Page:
October 2011 Issue of 4×4 Magazine
Back in 1948, at the Amsterdam Motor Show, the public were amazed at the new Land Rover, designed by Maurice Wilks (although perhaps ‘designed’ is the wrong term, ‘hand-built’ more appropriate). Fast forward 63 years to this year’s Frankfurt Motor Show and the world has been well, surprised, at Gerry McGovern’s design for the replacement to the Land Rover Defender. Initial promotional photographs of Land Rover’s concept DC100 (see News, page 12) released before the Show, have resulted in forums set ablaze with indignant Land Rover enthusiasts bemoaning the horror of what McGovern has dared to do with the world’s most beloved off-roader. How could they? Sacrilege! Think of the heritage!
Lost in these reactions are a couple of salient points, and to be honest, if you have been following the new models coming from Land Rover over the last few years, you have to be somewhat blinkered not to have been able to see this one coming. In today’s fi nancially restricted, global market, the present Land Rover Defender is an anachronism. You could hazard a guess that there is little, if any profit, building a present day Defender. Hoops have had to be driven through to meet the changing safety and emissions regulations, making it a basic requirement that any replacement Defender would have to be very different from the original. The present Defender is probably expensive to build, due to its ‘hand-built’ qualities. And you only have to look at the new Evoque to see that Land Rover are quite good at this. McGovern’s design team are not a bunch of crayon wielding vandals about to obliterate 60 plus years of heritage. The Evoque is undeniably Land Rover, but it’s like no other ever designed, and actually benefits from that fact.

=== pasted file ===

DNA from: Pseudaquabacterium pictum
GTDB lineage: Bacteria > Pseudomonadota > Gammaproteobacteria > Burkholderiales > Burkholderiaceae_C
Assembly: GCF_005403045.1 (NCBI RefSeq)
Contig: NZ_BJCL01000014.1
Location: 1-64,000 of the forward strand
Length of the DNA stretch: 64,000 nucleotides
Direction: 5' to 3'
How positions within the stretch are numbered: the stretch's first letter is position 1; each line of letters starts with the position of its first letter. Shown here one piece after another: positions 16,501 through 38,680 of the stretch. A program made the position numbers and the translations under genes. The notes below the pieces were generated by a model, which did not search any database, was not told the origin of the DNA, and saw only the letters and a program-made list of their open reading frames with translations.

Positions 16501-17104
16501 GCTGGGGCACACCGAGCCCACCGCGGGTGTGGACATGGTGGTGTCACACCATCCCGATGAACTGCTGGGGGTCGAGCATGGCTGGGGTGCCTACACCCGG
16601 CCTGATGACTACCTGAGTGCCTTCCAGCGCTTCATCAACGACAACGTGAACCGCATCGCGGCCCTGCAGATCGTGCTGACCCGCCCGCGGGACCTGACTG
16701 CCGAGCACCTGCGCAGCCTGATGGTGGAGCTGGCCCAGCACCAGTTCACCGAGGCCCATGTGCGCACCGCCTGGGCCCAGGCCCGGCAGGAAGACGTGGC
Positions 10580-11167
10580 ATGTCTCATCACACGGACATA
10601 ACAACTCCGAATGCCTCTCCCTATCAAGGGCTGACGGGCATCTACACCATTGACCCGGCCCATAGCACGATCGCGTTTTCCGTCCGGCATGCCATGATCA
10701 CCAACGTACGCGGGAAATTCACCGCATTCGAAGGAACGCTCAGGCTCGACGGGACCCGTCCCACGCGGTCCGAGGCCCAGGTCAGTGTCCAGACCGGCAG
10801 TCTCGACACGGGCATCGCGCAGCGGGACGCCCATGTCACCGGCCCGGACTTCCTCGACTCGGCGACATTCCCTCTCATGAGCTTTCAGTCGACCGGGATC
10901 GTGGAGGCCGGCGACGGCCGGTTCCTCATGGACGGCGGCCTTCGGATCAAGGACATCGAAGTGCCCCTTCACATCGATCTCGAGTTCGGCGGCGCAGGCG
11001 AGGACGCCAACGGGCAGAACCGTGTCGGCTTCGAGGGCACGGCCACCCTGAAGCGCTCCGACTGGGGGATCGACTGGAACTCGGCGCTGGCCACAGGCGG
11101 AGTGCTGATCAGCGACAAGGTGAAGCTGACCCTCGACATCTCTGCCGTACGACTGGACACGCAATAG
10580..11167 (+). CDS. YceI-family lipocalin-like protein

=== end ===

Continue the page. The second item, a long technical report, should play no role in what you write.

If you can rise above the red mist and accept that perhaps ‘they’ know what they are doing, it begs a further thought. The original Land Rover is a tough, utilitarian workhorse, capable of amazing longevity and surviving even greater levels of mechanical abuse. It was also modular and can be stretched, converted, axles added, engines changed and then turned into fi re engines, ambulances, recovery trucks and that’s before you consider all the military options. At first glance at these photographs of the concept DC100, that doesn’t look likely to continue, at least not in the same way. And perhaps that’s also the point: is that the market that Jaguar Land Rover is aiming for with the new Defender? Not being party to the figures on the Jaguar Land Rover balance sheet this is just a guess, but perhaps those modular options do not bring the company much of a profit and in today’s global economy, why would you build something that you didn’t think was going to make a profit? Perhaps you can take the unrivalled heritage and brand reputation, produce a Land Rover that carries those benefits, and sell it to a new global market of owners.
Land Rover claims that the DC100 is there to ‘stimulate debate’ and that the reaction of the public will be listened to. That’s probably true, up to a point. Forgive the cynic in me, but the view of a dyed-in-the-wool Series 1 owning traditionalist may not carry much weight, since that person is unlikely to ever buy a new Defender. Time has marched on, and the ‘original’ Land Rover is not of this time. Perhaps Jaguar Land Rover will continue with a Classic Defender range, or sell the tooling to an enterprising entrepreneur who will build old school ‘Defenders’ under licence. Who knows? One thing you can be sure of, however, ‘they’ do know what they are doing. Maurice Wilks might even have approved.
Nigel Fryatt, Editor
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